South Korean soldiers stand guard at an observation post near the demilitarized zone (DMZ) which separates the two Koreas in Paju, north of Seoul April 11, 2013.
Female North Korean soldiers patrol along the banks of Yalu River, near the North Korean town of Sinuiju, opposite the Chinese border city of Dandong, April 11, 2013.
A North Korean man blocks his face with his hand from being photographed as he and other residents take a ferry in Yalu River, near the North Korean town of Sinuiju, opposite the Chinese border city of Dandong, April 11, 2013.
People take part in an oath-taking before the statues of late North Korean leaders Kim Il-sung and Kim Jong-il on Mansudae Hill in Pyongyang, April 10, 2013. (KCNA)
Anti-North Korean protesters release balloons with peace messages on the Grand Unification Bridge leading to the North near the demilitarized zone separating the two Koreas, in Paju, north of Seoul, April 10, 2013.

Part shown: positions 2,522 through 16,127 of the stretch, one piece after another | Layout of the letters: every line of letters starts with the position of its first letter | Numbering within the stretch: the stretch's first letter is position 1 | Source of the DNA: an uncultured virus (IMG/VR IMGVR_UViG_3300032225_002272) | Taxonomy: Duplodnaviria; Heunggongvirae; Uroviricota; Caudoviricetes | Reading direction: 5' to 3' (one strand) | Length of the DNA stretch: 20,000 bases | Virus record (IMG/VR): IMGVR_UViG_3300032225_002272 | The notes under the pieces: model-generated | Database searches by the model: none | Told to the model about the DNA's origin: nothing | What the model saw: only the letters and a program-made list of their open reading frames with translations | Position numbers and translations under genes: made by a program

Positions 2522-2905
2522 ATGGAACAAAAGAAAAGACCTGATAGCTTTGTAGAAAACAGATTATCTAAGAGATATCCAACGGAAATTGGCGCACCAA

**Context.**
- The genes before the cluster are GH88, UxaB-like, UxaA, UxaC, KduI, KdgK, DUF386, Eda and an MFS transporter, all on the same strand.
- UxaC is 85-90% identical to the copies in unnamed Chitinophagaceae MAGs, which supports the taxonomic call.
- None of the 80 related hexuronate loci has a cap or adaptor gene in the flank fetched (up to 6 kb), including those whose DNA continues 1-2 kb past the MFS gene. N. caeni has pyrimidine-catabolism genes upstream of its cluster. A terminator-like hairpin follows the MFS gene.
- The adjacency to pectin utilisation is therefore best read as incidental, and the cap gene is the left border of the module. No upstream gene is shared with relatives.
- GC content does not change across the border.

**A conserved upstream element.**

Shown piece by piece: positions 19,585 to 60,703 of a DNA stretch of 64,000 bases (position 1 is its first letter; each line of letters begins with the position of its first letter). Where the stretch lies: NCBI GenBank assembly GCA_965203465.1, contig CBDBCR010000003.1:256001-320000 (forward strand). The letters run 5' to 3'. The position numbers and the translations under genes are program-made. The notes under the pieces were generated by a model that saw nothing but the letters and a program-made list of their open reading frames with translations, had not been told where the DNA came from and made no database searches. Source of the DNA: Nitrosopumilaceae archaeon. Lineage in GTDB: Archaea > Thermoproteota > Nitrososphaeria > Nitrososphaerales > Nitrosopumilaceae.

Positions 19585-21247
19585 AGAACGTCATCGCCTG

South Koreans arrive with their belongings from North Korea's Kaesong at the customs, immigration and quarantine office near the border village of Panmunjom, in Paju, north of Seoul, South Korea, April 9, 2013.
Visitors look at the industrial complex in Kaesong, North Korea, through binoculars at Dora Observation Post in the demilitarized zone (DMZ) near the border village of Panmunjom, in Paju, South Korea, April 9, 2013.
A South Korean military vehicle passes by gates leading to the North Korean city of Kaesong at the customs, immigration and quarantine office near the border village of Panmunjom, April 8, 2013.
An elementary school teacher orders her students to leave as they watch South Korean housewives denounce annual South Korean-U.S. military exercises, near the U.S. Embassy in Seoul, April 8, 2013.
South Korean army soldiers patrol along a barbed-wire fence near the border village of the Panmunjom, in Paju, South Korea, April 8, 2013.
North Korean military dogs run to a target with a portrait of South Korean Defence Minister Kim Kwan-jin during a military drill, April 6, 2013. (KCNA)